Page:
Shanghai scientists announce norovirus beater

Li Qian
Vaccine developed in the city is likely to be the most effective weapon in the battle against the highly contagious virus that's the main cause of acute gastroenteritis.
Li Qian
Shanghai scientists announce norovirus beater
Ti Gong

An image of the antigen of the norovirus vaccine seen under an electron microscope. 

What could be the world’s most effective vaccine against the highly contagious norovirus has been given the green light for clinical trials in China, Shanghai scientists said on Tuesday.

When the home-developed vaccine hits the market in three to five years, it is expected to be the most effective of its kind, theoretically providing 80 to 90 percent protection from the virus, according to researchers from the Institute Pasteur of Shanghai under Chinese Academy of Sciences.

The norovirus is the most common cause of acute gastroenteritis. It is widely referred to as stomach flu. Outbreaks are common in cold seasons, like early spring and winter, and young children and elderly people are at particular risk.

It can be spread in water, food and air as well as through direct contact.

Worldwide, the norovirus causes an average 685 million cases of acute gastroenteritis and more than 210,000 deaths each year. China is seeing yearly increase in cases with every 156 in 1,000 children aged below 5 infected.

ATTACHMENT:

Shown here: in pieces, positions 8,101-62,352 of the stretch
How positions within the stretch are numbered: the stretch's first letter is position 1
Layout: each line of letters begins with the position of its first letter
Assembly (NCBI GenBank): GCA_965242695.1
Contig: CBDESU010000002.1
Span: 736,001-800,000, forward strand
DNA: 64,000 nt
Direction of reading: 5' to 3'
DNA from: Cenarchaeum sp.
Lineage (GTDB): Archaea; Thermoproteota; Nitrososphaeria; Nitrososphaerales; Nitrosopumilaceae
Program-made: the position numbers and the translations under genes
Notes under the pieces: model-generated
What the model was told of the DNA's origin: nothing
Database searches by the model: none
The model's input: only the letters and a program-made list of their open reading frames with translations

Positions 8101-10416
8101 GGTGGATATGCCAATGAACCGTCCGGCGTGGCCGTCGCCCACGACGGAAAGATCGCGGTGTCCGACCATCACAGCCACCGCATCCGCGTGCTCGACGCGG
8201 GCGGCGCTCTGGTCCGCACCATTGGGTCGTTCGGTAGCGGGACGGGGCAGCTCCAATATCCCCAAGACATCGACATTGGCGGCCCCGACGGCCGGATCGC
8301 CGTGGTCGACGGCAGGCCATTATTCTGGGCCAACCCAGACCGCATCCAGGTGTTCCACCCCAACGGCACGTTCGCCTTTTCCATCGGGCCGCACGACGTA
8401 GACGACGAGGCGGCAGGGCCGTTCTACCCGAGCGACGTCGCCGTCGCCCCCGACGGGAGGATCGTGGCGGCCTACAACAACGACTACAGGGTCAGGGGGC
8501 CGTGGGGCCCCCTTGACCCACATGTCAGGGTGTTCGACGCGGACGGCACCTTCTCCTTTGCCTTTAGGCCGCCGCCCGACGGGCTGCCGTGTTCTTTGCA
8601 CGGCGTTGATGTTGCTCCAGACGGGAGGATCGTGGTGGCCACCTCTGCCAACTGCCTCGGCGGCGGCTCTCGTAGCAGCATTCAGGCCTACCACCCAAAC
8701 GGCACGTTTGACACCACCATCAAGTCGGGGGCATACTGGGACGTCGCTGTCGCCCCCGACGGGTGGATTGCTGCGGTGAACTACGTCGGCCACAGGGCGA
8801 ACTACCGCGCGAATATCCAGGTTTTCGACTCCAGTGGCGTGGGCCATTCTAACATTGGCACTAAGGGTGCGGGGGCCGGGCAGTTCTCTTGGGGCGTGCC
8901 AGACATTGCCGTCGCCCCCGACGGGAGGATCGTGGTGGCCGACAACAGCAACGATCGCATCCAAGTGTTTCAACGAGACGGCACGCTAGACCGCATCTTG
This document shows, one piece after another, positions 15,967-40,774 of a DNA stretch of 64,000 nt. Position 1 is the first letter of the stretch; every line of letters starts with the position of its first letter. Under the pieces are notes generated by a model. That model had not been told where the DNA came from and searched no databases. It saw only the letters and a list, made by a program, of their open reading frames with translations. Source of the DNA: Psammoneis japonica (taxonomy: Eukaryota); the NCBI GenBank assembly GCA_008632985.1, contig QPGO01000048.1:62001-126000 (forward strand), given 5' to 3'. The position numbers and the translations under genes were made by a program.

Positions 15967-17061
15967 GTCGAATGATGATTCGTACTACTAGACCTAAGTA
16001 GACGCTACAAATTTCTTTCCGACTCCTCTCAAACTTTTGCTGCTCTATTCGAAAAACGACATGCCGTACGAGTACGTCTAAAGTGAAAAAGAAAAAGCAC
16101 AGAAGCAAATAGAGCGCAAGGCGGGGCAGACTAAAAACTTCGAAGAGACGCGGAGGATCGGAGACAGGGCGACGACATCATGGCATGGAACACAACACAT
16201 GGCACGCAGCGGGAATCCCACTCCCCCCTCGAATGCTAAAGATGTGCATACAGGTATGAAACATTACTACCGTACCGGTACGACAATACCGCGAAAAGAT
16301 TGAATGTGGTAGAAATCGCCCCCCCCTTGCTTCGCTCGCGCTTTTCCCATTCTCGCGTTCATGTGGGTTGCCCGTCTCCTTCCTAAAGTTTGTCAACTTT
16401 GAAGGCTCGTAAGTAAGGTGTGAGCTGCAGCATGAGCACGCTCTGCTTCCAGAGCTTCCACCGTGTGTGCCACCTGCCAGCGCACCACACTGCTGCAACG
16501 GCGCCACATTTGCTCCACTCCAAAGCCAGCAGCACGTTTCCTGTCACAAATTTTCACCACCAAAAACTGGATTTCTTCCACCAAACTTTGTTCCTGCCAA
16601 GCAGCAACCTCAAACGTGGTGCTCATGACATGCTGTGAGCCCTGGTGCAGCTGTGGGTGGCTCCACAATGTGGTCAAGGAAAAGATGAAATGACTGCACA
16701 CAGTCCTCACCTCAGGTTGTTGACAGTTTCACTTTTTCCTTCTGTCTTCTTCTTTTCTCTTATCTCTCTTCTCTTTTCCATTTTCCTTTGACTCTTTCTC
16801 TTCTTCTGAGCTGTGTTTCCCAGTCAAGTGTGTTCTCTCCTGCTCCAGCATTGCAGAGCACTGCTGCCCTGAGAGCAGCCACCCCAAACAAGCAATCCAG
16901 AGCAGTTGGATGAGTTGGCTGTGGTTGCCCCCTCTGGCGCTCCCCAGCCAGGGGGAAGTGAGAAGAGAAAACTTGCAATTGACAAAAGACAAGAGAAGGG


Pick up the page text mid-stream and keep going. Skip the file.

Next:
At present, there’s no vaccine or medicine to treat infections. People must just take care not to get infected. If they do, the best thing is to drink plenty of fluids and allow recovery to take its course. 

In April 2015, researchers from the institute and Anhui Zhifei Longcom Biopharmaceutical Co joined forces to develop a vaccine. After four years of research, it was approved by the National Medical Products Administration for clinical trials on May 30 this year.

China is not the only country to research a norovirus vaccine. The United States and Japan have launched clinical trials but the “made in Shanghai” vaccine is expected to be the most effective, said Liu Qingwei, a researcher from the Shanghai institute.

“China is the latest among the three countries, but our vaccine provides wider protection,” he said.

More than 20 norovirus epidemic strains have been detected. In China, most infections are caused by four strains, and scientists developed their vaccine against these four.

Based on genetic engineering technologies, they managed to create a vaccine prototype that looks almost exactly the same as the norovirus to deceive and trigger a reaction from people’s immune cells.

Meanwhile, Shanghai-developed GV-971, the world’s first drug to improve the condition of people with Alzheimer’s, is set to hit the market this year.

According to the World Alzheimer’s Report 2018, there are around 47 million people with the irreversible, progressive brain disorder, and currently there is no cure. 

GV-971 has been developed by Shanghai-based pharmaceutical company Green Valley, the Shanghai Institute of Materia Medica under Chinese Academy of Sciences and the Ocean University of China.

It has completed phase-3 clinical trials, the last test before reaching the market, and has demonstrated that it can significantly improve cognitive impairment in patients with mild-to-moderate Alzheimer’s.

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